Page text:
Paul Krugman really appreciated Clint Eastwood's performance at the Republican National Convention, since he thinks it highlighted a larger truth about the Republican Party.
"The Republican Party is where it is because that's where the base is," Krugman, the Nobel Prize-winning economist, said Sunday on ABC's "This Week." "And you watched that whole primary process; Republican candidates had to appeal to their base, which is by and large elderly white people arguing with empty chairs."
Krugman was referring to Eastwood's speech at the Republican National Convention, in which the 82-year-old actor and director argued with an empty chair representing President Barack Obama.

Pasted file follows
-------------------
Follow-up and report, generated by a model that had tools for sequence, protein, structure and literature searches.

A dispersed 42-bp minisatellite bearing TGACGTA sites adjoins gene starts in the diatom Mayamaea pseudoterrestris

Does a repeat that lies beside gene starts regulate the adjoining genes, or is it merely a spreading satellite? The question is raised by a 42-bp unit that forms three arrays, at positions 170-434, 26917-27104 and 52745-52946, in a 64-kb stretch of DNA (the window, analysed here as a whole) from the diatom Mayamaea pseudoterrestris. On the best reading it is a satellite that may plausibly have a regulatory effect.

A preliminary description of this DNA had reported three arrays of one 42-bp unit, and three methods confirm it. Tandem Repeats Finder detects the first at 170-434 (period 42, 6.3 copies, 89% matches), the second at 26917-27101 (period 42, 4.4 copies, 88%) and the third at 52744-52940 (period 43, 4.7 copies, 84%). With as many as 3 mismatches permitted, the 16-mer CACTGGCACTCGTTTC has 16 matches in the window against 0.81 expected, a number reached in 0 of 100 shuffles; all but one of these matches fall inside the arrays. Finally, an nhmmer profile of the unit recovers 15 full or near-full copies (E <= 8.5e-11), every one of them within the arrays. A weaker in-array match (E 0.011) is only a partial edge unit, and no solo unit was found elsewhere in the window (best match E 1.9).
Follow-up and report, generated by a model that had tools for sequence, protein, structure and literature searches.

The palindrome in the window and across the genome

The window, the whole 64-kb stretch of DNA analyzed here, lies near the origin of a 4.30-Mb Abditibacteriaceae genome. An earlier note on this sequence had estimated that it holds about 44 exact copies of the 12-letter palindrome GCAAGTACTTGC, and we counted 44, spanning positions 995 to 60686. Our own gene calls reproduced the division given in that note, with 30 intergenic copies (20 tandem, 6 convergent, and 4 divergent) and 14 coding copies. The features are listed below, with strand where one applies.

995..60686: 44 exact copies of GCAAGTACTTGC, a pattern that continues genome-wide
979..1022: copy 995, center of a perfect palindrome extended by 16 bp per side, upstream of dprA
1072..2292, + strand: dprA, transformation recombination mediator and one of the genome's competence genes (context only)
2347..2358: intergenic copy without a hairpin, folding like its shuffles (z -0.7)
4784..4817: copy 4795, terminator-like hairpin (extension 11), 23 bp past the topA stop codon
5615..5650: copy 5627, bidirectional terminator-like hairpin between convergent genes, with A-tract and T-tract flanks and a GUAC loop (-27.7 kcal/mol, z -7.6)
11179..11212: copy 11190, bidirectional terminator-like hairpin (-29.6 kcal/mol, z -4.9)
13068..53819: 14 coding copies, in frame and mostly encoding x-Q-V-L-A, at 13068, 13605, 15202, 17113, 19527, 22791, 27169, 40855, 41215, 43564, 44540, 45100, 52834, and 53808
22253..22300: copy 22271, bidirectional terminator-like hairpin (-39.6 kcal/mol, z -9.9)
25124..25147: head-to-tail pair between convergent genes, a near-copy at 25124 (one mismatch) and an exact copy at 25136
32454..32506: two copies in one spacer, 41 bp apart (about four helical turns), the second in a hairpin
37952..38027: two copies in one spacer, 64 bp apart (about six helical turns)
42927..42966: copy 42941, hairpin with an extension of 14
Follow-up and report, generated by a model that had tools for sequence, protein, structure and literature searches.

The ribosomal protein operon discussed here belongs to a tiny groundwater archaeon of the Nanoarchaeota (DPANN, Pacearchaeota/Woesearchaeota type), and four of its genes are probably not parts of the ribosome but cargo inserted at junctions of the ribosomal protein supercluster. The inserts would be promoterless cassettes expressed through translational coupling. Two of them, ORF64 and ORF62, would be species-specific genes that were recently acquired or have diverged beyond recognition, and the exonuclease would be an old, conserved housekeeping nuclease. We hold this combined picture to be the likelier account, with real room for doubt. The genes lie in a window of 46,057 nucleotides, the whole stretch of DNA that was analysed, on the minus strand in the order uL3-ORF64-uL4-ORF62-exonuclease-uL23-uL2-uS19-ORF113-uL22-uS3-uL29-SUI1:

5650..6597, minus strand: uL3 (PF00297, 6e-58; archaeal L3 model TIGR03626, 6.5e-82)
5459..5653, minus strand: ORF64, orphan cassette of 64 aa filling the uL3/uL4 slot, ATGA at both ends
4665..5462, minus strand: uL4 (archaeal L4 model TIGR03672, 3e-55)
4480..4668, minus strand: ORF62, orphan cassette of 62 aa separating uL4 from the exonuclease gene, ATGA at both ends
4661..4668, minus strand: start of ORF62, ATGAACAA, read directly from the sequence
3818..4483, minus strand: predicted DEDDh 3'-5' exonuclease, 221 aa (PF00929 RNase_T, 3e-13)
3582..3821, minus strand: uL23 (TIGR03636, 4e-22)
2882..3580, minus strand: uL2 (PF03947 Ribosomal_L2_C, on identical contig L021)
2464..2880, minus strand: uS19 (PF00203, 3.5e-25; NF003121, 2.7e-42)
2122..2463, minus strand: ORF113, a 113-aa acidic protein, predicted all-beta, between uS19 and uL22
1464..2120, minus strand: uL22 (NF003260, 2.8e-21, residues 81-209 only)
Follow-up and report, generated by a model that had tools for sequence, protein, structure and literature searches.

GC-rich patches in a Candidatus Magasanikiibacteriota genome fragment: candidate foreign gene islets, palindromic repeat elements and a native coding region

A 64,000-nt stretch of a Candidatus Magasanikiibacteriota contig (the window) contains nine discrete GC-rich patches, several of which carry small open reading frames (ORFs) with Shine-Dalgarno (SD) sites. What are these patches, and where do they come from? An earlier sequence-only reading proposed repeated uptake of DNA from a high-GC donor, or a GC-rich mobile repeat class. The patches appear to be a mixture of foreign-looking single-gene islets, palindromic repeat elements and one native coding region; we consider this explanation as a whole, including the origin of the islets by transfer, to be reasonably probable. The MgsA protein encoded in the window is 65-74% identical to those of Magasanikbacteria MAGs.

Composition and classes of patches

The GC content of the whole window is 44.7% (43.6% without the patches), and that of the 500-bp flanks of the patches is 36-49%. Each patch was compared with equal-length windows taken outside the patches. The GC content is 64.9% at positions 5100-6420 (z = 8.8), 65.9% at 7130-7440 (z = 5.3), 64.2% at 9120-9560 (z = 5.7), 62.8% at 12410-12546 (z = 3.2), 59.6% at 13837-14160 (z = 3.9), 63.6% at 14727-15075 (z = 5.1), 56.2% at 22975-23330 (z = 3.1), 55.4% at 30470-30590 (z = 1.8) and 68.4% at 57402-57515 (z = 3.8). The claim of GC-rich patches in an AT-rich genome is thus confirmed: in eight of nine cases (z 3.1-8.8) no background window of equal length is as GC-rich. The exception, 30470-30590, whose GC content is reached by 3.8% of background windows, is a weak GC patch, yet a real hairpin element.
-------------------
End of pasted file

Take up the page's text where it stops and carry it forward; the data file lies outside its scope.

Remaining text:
Though some critics have called the Republican and Democratic National Conventions political theater, Krugman said he found the conventions to be "enormously informative" and "extremely effective educational programs." In addition to mocking Eastwood, he offered up the example of the Republican vice presidential nominee, Paul Ryan.
"We saw the implosion of Paul Ryan," Krugman said, "because people got to see him speaking at length on national TV."
Krugman's criticism of Republicans came as Newark Mayor Cory Booker, a Democrat, argued on "This Week" that the Democratic Party "is ahead of history" because it is more inclusive of minorities and gays and lesbians than the Republican Party.
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